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Chatbot Battles is the best bot contest yet!
  [ # 16 ]
OliverL - Jun 15, 2012:

I feel Douglas Adams is doubly smiling down on Chatbot Battles.

Especially as I happened to write “panic!” next to the numbers without realising the Hitchhikers reference. Perhaps I should have put “Don’t panic” instead! grin


  [ # 17 ]

What does feel the poet when he says “as people feel brave/i fall
onto my knees/on the bathroom floor/as people rite imortel/lines of
poetry i take/my fingers out the back/of my throat and wounder/at how
to go about vomiting/into the toilet pan”?

Let me be perfectly clear. That question was asked in 2010 when Ehab El-agizy was running the contest not me. That question along with other issues caused me to remove him from the contest.




  [ # 18 ]

I was just using that as an example of why I am not letting the judges form their own questions and wasn’t casting a cloud over the excellent contest that was the Chatterbox Challenge.


  [ # 19 ]

Incredible… and much greater than my expectations.

My first thought was that the transcripts make for entertaining reading.  With the vast amount of information provided, it’s easy to see which bots are masterful works, and which ones are faking it.  It also creates a clear delineation between bots that are true chatbots, and those that simply supply comedic responses and ignore the input.  The multiple numbers of chats (and their length) offers a more realistic cross section of a bot’s development, and reduces the chance of a bot squeaking by because of some fluke or technicality.

My second thought was how bots with certain reputations don’t seem to be fairing as well as one might expect. While it might be useful to possess a humongous repository of information, if a bot can’t first chat, the information is useless because it’s never called upon.  Bot masters have sometimes complained that they KNOW they coded a response for a question, but the bot didn’t use it.  I sometimes suspect that’s because there are so many ways to ask the same question.  And, if the bot doesn’t first make the linguistic connection, it probably won’t make the factual connection.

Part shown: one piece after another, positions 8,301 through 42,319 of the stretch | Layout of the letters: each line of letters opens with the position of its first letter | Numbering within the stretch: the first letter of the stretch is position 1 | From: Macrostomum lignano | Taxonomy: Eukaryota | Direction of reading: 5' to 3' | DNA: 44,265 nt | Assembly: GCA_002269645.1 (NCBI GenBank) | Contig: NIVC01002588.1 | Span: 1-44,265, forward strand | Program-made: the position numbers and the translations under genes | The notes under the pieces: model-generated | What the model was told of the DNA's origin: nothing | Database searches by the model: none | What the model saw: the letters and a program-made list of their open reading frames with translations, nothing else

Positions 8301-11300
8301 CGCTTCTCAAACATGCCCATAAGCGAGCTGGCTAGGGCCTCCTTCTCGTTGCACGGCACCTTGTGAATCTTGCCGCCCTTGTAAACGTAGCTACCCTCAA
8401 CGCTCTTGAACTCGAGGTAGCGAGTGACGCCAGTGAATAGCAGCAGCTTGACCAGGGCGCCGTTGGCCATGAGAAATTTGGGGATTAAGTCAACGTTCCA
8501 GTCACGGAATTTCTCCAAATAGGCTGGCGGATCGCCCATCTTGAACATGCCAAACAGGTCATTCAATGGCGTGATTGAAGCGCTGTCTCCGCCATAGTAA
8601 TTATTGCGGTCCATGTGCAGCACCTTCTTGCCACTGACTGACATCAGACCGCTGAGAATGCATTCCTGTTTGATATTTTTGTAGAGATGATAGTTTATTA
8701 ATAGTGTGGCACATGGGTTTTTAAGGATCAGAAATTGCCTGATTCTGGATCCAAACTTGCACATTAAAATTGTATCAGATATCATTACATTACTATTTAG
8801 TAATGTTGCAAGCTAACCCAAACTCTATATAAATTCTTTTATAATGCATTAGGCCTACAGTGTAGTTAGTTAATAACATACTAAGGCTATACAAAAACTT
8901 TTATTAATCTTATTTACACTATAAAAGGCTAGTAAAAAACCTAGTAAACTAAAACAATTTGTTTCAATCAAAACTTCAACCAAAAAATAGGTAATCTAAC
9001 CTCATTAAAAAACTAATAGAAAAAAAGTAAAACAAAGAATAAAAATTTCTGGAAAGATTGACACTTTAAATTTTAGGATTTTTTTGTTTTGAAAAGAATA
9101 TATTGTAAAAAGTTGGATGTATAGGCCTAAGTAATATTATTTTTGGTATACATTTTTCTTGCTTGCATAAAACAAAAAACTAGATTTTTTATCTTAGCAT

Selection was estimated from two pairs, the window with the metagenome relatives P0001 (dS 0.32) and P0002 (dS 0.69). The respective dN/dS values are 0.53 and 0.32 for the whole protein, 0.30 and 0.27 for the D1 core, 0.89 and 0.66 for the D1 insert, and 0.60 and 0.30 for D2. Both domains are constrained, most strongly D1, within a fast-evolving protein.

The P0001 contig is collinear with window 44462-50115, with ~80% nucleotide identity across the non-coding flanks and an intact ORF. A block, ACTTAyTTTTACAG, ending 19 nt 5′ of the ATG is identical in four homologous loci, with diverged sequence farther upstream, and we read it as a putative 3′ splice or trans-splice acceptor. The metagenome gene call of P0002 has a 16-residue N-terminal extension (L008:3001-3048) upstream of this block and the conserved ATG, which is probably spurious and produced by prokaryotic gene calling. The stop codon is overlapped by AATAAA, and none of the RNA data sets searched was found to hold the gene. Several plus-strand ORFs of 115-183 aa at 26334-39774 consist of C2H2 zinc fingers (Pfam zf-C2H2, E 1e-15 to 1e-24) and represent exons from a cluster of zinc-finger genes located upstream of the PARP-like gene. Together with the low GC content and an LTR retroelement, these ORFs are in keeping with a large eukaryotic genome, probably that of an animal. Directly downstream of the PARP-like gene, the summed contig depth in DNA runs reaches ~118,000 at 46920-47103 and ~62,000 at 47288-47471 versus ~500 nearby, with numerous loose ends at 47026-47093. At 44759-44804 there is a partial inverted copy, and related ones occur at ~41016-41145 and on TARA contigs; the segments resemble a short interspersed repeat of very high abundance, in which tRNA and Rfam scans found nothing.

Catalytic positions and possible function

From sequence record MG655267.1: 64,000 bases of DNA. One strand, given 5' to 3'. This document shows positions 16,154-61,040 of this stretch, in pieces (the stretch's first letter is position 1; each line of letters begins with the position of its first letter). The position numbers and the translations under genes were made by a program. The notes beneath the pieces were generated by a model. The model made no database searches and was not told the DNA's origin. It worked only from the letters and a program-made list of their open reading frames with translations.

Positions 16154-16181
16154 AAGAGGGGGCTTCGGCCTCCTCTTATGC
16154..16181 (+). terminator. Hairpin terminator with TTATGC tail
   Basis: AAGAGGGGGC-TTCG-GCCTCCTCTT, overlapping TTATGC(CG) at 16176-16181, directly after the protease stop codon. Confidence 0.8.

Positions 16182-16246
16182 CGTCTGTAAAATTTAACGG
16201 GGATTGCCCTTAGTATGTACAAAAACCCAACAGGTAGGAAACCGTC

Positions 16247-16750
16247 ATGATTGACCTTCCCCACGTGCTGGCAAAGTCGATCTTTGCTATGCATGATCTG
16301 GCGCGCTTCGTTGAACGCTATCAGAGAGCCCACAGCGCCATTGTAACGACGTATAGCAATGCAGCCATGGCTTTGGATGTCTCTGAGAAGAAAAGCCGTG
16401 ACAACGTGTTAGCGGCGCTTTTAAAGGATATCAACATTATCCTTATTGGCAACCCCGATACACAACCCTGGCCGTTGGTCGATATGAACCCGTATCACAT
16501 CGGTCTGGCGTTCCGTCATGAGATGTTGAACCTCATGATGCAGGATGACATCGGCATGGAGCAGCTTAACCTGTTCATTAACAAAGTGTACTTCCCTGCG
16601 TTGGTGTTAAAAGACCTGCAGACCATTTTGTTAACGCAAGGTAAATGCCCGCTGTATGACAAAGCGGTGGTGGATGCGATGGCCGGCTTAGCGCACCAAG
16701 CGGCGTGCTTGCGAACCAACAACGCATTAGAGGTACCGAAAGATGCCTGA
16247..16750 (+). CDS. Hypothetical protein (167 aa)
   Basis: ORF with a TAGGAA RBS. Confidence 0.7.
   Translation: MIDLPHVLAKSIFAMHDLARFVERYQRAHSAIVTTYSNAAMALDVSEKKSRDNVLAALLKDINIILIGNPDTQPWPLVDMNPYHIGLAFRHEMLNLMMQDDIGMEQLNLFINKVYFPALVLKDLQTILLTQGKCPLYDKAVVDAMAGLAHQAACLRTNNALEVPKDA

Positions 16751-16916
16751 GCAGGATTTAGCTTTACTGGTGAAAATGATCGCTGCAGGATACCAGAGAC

My final thought is… what an undertaking, what a logistical nightmare, and what a great job.  I get tired just thinking about it.  There must be more hours in Steve’s day than mine.


  [ # 20 ]

I have to say that the format of this contest is amazing.  It’s exciting and innovative.  The concept of directly pitting a chatbot against another manages to generate a lot of excitement.  Congratulations Mr. Worswick for coming up with this contest, I applaud your effort and hard work towards what seems to be shaping up to one of the best chatbot competitions yet.

As far as Artemis is concerned, she might have grown a bit stale over the past few months, mostly due to academic responsibilities, but this contest has given me further incentive to improve and expand her smile  No matter how she does this year - there’s a lot of very strong competition out there! - I have enjoyed the experience so far and I’m looking forward to participating again in future editions of the Chatbot Battles contest.


  [ # 21 ]

Thanks guys. Yes it is taking up more time than I had originally planned and with England still in the Euro 2012 soccer tournament, I have been allowing myself some time off to watch the games.